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6 Recommendations The committee's recommendations address the roles of industry, aca- deme, and government in a coherent and synergistic national program of mining and minerals research and development. INDUSTRY AND ACADEME 1. Industry Support for Collaborative Research and Development Mechanisms for conducting cooperative research and development (R&D) are the most promising and practical way to reestablish the flow of technol- ogy into the U.S. minerals and metals industry. The committee recom- mends that the industry consider the formation of consortia to pursue research that is too complex, high risk, and/or expensive for individual companies to pursue alone. Industry collaborative research should focus on broadly de- fined generic problems offering potentially equal benefits to all participants (e.g., comminution, flotation, and pollution mitigation). Universities and other research organizations that are able to contribute productively should also participate as partners in this research. The Bureau of Mines could play a key role as coordinator, as research participant, or as clearinghouse for information on research needs and directions. 2. Industry Involvement with Academic Research Programs Industry should seek ways to benefit from the research capabilities of the university-based Generic Mineral Technology Centers (GMTCs). Company 123
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124 COMPETITIVENESS OF THE U.S. MINERALS AND MET^S INDUSTRY representatives should visit the centers, for example, and industry and trade associations should brief GMTC personnel on the technology needs of the industry. Further productive interactions could include personnel exchanges, grant funding, grants (or sharing) of equipment, collaborative and/or con- tracted research, and consulting. Industry should also support the develop- ment and application of promising technological advances by the GMTCs, the Mineral Institutes, and the Mining Advanced Research Initiative (see below) through joint ventures and loans of equipment, materials, and personnel to support prototype testing. Locating a substantial research facility such as a pilot-scale plant at a university (e.g., at one of the GMTCs) would catalyze this type of interaction. Professional societies could promote industry-uni- versity collaboration by sponsoring panels with industry and university participants on topics of potential joint benefit. 3. Stability of University Programs Universities must strive to maintain distinct programs of research and education in minerals- and metals-related disciplines, even during down- turns in the business cycle of the industry. To do this researchers will have to take full advantage of every available source of funding and support from government and industry, including new as well as traditional sources. This may involve, for example, redesigning research projects from the specific to the general (e.g., broadening research on mining techniques to encompass tunneling and excavation processes that are applicable to a broad range of problems) in order to fit the research interests of agencies such as the National Science Foundation (NSF) and the Department of Energy (DOE). To maintain an influx of high-quality students, universities must also find creative ways to change the image of the mining and metals field in the view of prospective students. Cooperation with industry is one of the key factors here. 4. Interuniversity Coordination and Collaboration in Research University research programs in this field are small, and there is little support, financially or economically, for interuniversity coordination or col- laboration. Professional societies should take an active role in bringing academic researchers together to discuss current research programs and needs and to build a sense of community within the field. These efforts could be conducted in cooperation with the Minerals and Metals Community Forum (see below).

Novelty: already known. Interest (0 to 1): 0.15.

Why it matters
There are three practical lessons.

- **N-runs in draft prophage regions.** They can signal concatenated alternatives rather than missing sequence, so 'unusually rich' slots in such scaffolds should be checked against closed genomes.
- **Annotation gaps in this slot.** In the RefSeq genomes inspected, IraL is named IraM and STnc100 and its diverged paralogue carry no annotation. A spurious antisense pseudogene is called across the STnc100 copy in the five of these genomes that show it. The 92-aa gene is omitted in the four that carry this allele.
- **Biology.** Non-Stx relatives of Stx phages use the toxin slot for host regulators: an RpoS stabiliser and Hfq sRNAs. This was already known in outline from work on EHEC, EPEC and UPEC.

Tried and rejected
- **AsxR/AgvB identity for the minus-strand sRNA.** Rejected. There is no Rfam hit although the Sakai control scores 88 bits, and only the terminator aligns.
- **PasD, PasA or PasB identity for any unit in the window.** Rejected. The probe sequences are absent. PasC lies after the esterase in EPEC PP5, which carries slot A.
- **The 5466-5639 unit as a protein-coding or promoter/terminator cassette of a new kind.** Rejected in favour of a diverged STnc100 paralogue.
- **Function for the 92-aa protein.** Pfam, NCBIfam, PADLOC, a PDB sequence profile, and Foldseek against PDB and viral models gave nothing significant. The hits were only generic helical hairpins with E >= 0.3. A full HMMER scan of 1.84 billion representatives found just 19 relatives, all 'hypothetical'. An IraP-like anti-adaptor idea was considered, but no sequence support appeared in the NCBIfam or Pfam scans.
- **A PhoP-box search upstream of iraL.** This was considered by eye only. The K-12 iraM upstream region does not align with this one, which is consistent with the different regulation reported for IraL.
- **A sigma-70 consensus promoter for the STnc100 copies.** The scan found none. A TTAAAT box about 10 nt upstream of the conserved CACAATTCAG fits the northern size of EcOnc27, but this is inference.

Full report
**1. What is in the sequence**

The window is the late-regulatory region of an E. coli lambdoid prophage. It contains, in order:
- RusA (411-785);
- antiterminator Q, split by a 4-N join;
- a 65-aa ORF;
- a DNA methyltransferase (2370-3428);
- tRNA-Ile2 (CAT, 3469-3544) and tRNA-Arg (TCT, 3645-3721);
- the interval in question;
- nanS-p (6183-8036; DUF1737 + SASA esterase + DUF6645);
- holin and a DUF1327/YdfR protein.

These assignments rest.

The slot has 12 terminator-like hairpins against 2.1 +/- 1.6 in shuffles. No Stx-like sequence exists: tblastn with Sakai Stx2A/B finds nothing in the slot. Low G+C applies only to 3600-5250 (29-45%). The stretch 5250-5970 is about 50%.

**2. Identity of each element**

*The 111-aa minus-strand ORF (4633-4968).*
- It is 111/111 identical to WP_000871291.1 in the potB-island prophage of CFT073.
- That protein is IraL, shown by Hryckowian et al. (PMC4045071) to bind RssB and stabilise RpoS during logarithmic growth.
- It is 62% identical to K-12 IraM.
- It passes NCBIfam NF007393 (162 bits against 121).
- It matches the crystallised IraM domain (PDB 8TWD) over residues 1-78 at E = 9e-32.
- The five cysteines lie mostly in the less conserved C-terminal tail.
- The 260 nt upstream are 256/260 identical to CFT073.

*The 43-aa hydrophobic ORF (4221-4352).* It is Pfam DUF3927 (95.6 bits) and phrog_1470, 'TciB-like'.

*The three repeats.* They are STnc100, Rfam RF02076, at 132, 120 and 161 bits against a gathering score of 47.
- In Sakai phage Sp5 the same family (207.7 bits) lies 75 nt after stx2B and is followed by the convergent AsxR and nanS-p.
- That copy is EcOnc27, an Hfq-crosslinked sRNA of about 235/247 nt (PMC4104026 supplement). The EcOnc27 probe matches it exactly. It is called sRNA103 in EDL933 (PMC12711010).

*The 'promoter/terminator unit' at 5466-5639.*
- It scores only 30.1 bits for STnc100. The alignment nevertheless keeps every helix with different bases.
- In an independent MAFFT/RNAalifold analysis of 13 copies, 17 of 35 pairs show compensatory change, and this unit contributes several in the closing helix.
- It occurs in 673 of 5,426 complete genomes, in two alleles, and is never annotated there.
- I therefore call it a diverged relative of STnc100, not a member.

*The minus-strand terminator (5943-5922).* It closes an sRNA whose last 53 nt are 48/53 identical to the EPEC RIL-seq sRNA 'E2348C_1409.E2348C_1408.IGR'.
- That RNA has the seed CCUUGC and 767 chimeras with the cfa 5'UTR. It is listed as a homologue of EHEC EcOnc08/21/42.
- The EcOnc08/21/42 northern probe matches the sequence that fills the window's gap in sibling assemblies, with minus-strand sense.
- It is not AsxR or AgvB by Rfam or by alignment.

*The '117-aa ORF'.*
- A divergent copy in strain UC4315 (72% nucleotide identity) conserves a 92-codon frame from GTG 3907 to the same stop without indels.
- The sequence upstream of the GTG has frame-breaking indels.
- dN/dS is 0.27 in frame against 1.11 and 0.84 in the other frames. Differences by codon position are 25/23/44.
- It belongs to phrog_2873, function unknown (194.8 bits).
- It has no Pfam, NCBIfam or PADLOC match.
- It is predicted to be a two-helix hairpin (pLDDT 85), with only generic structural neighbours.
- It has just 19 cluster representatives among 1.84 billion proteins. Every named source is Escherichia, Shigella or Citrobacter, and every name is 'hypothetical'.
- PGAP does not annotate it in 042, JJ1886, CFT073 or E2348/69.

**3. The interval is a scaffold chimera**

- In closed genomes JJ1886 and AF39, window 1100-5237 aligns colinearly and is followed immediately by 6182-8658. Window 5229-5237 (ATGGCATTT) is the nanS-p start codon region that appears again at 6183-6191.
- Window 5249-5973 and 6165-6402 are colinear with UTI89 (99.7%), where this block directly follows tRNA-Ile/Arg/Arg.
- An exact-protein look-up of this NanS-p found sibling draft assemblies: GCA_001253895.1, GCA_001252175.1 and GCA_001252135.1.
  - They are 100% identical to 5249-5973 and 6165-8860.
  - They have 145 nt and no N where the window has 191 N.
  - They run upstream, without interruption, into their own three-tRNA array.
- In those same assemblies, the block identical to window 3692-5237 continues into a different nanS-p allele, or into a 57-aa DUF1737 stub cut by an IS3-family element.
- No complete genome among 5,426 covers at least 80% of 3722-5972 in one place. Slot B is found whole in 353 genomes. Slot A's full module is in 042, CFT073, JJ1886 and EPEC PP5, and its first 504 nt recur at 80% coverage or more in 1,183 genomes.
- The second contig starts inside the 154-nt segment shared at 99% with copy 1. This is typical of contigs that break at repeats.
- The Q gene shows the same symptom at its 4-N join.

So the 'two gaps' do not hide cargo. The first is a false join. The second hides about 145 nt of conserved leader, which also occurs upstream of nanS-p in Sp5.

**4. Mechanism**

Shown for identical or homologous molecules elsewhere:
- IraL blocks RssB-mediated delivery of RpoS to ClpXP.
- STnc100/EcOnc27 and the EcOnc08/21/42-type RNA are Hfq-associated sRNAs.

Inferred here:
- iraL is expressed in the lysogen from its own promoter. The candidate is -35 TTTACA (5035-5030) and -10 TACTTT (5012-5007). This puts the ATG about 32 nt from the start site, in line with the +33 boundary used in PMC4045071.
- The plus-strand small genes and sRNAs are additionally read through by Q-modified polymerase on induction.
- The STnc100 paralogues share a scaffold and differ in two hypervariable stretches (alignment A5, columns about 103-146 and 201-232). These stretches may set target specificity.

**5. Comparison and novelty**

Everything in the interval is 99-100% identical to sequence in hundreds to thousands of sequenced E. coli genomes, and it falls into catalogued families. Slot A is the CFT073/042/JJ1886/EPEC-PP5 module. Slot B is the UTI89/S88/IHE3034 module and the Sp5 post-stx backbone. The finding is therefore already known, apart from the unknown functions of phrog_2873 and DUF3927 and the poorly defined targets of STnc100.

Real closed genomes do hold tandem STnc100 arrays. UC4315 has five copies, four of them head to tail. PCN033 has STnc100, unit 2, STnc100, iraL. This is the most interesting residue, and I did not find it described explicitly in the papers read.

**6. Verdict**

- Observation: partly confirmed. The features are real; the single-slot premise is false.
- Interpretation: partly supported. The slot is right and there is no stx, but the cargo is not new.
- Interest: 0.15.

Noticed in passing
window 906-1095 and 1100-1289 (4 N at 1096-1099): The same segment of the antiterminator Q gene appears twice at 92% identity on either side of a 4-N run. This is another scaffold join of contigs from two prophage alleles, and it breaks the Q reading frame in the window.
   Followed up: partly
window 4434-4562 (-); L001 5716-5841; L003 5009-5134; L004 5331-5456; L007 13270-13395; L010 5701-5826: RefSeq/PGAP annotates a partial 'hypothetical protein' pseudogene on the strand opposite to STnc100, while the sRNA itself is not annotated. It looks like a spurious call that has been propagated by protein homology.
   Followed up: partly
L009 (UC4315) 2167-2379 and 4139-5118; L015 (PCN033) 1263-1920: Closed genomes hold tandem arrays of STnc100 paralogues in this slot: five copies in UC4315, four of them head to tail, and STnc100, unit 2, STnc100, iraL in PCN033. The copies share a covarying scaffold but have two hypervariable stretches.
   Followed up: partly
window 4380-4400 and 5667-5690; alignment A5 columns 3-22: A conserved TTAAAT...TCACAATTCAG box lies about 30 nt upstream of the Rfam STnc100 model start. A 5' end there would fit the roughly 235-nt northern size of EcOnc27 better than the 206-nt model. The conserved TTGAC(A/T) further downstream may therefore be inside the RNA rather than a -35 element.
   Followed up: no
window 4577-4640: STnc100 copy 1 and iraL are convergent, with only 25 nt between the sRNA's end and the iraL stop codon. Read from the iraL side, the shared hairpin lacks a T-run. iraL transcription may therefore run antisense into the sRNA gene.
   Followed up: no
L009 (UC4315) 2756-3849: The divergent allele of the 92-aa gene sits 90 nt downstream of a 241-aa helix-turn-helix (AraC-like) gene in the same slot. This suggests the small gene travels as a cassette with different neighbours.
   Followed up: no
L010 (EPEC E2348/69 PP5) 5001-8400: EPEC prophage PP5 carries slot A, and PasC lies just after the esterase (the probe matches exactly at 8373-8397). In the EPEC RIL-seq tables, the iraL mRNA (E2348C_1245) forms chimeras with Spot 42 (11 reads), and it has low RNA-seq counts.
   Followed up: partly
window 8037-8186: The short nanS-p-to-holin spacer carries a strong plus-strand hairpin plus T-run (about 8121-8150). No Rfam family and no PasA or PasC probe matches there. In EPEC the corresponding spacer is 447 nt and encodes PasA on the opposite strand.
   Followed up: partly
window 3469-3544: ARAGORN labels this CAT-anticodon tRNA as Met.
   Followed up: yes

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RECOMMENDATIONS BUREAU OF MINES AND OTHER AGENCIES 5. Advanced Research Initiative for Mining and Minerals 125 To provide the domestic industry with opportunities for an effective technology- based competitiveness strategy, the Bureau of Mines should sponsor a pro- gram of R&D directed solely at basic and exploratory research on "break- through" technologies, not only to improve productivity but also to contribute to mine safety, health, and environmental protection. This new activity should be funded at a level representing a substantial fraction, perhaps 10 to 15 percent of the Bureau's R&D budget. Its staff should be small and innovative; research selection and evaluation should be under Bureau con- trol. The system for reviewing proposals and research should include specialists from a broader range of disciplines than is customary for agencies that fund basic research. The research agenda should combine in-house research with university, corporate, and collaborative research programs. Ideally, this component of the Bureau's research would be programmati- cally distinct from existing Bureau research programs and should have high priority within the Bureau. Although it could be organized as an office under the research directorate, the program director should report to the director of the Bureau of Mines. New concepts should be pursued that have the potential to revolutionize the entire process from mining to metals extraction. The Bureau's advisory committee (see below) should be consulted in the selection of research initiatives, which should include long-range research on high-risk, high-payoff topics where success is not guaranteed. The program should recognize the potential value of pilot-scale facilities to prove con- cepts while strengthening both the technology base in industry and industry's ability to receive and implement new technologies. 6. Maintaining Relevance of Research by Mineral Institutes and GMTCs to National Needs The Bureau should take a more active role in the Mineral Institutes pro- gram by providing leadership in identifying the national research needs of the minerals and metals industry. Such leadership would include promoting the participation of industry associations and academe in identifying these needs. The objectives of this effort should be (1) to achieve a consensus on long-term research goals that would be likely to yield significant returns on the nation's investment in minerals-related research and (2) to focus the attention and efforts of the network of Mineral Institutes and GMTCs on topics that may contribute to the long-term needs of a competitive domestic mining and minerals industry. In order to exert this leadership role the